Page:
A day in the life of…Lisa Waterman

This week we are saying hello to our Treasurer, Lisa Waterman, who shares with us her average day…

If you’d like to take part in a future edition then please drop us a note at ciprinside@gmail.com.


Who are you?

Lisa Waterman, Treasurer for CIPR Inside. I’m also Company Director for Carter Cadogan Limited and board member for a number of non-profit organisations, including a secondary school and a number of charities that span heritage and science education, fostering, adoption, childcare, youth services, facilities management and social development.

I am responsible for:

Bookkeeping and managing CIPR Inside’s financial affairs.

Through Carter Cadogan Limited, a company I started, I provide corporate and change communication partnership and services. That’s my everyday commercial business.

For the non-profit side, my role as Company Director (and Trustee) means I am responsible for helping govern and direct how those organisations are run. Together their annual numbers are several million pounds and I’m not paid but I feel the responsibility profoundly.


My day:

I tend to get up around 6am and dedicate around an hour to the things that are just for me. I use this time to meditate, enjoy coffee, water my plants, catch up on the news and respond to friends who contacted me overnight, from different time zones.

Work mode begins around 7am, when I get dressed and start thinking about what I can and can’t cover off that day. I live in Richmond and tend to work in Central London. I am usually at the train station by 8am, for a 9am start. My journey is usually accompanied by a novel – mysteries, mostly, based in the Victorian era or early-1900s.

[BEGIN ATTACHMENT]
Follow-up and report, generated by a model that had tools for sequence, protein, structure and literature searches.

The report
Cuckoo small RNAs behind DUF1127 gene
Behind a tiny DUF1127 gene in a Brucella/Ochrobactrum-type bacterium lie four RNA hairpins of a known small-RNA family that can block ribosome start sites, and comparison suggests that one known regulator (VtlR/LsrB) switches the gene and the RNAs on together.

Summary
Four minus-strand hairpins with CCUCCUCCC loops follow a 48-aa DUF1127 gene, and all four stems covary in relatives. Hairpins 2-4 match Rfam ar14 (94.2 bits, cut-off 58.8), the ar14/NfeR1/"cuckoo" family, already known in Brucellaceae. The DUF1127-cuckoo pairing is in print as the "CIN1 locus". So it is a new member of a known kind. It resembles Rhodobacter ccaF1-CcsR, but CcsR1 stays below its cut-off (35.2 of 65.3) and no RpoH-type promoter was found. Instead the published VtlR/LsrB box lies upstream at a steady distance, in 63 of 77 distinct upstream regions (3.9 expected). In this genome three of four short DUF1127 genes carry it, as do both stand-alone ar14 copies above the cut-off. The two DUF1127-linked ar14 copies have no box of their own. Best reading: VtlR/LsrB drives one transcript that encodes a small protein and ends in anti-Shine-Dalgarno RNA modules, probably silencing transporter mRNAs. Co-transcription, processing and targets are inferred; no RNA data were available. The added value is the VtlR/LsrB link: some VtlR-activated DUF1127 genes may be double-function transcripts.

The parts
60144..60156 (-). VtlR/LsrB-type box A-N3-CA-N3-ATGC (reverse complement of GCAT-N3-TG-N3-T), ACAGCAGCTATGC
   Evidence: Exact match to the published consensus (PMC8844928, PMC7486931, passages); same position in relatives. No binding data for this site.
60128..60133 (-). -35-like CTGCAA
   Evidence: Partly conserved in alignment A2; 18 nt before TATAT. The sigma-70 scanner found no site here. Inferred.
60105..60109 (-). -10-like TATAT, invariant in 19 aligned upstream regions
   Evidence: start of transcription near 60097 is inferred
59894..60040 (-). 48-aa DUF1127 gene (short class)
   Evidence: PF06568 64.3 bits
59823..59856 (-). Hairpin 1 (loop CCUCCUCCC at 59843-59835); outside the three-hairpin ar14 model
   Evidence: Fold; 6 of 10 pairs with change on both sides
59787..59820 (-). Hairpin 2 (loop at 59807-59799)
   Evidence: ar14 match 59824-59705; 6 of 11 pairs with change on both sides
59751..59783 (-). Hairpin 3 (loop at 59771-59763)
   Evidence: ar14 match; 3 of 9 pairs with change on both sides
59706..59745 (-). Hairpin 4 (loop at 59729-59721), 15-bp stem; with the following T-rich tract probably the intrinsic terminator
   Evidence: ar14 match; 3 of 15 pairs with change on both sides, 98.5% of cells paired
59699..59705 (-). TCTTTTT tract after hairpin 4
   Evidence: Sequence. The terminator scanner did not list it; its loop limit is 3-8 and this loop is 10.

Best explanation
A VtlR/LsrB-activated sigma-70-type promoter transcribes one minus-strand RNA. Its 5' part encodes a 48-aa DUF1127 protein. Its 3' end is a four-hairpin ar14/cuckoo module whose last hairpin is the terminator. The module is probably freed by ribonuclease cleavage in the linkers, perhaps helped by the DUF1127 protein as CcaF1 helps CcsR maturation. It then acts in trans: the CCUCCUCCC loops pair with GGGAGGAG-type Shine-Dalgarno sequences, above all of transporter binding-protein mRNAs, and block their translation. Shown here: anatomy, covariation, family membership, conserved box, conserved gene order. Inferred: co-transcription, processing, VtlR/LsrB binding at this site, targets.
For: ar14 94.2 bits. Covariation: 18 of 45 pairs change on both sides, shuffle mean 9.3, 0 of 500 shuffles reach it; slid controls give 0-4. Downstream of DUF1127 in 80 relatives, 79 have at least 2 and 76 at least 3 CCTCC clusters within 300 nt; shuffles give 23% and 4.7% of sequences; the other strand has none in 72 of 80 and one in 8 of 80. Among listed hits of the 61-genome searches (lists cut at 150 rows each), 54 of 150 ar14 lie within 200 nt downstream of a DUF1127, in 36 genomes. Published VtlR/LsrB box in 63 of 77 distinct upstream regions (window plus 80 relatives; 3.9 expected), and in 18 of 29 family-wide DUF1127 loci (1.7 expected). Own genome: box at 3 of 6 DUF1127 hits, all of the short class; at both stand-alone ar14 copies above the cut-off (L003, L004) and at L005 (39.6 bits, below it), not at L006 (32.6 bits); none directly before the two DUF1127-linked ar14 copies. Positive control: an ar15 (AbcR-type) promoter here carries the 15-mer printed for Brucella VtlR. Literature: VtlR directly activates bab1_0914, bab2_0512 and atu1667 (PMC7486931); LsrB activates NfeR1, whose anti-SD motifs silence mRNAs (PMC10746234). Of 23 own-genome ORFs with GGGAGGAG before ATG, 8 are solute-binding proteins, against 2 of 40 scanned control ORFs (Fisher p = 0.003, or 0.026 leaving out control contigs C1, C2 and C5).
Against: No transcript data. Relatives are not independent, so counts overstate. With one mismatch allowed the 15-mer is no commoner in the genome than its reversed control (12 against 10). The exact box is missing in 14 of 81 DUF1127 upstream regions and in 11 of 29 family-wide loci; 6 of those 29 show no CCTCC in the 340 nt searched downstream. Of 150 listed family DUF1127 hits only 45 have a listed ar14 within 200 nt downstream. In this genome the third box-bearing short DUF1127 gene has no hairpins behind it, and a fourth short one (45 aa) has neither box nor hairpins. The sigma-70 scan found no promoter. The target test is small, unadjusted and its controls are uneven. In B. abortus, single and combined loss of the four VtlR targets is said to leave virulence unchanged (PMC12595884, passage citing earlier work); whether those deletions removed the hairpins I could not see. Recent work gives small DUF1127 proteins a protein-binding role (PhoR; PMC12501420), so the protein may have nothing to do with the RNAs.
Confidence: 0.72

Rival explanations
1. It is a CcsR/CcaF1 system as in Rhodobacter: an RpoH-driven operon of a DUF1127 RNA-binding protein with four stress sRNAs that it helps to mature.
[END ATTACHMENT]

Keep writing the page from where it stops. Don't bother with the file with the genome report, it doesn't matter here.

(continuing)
Once I get to the office it’s normally non-stop action: meetings, coffee catch-ups, emails, more meetings, more coffee catch-ups, tea. And it hardly matters what client it is – that’s the routine.

Currently I am leading communications on a global regulatory change programme for a large, multinational financial services organisation. It’s fascinating. Of all the industries I have worked in (and there have been A LOT) I feel like banking and anything to do with compliance best suit me. My work involves taking complex and slightly scary regulation and making it easy for folks to comply. Sometimes what I do isn’t traditional communication at all. It may be creating the playbook for a new operating model, designing training, executing town halls… it always changes and one has to always be ready for it.

I always stop for lunch. Always – no use to ANYONE if I’m hungry. During that break I quickly check my ‘personal’ emails to see what has come through from CIPR Inside or any of the other organisations I support. Usually I’m home between 9pm and 10pm; once a week or so, maybe 7pm. A naughty late dinner and catch up with loved ones before I fall asleep around 11pm.

In recent years (last four, to be exact) I have been attending evening classes on Economic Policy. That’s finished now and in the coming academic year I will be moving on to a Master’s, Economic Law. Four nights a week – yikes!

My week: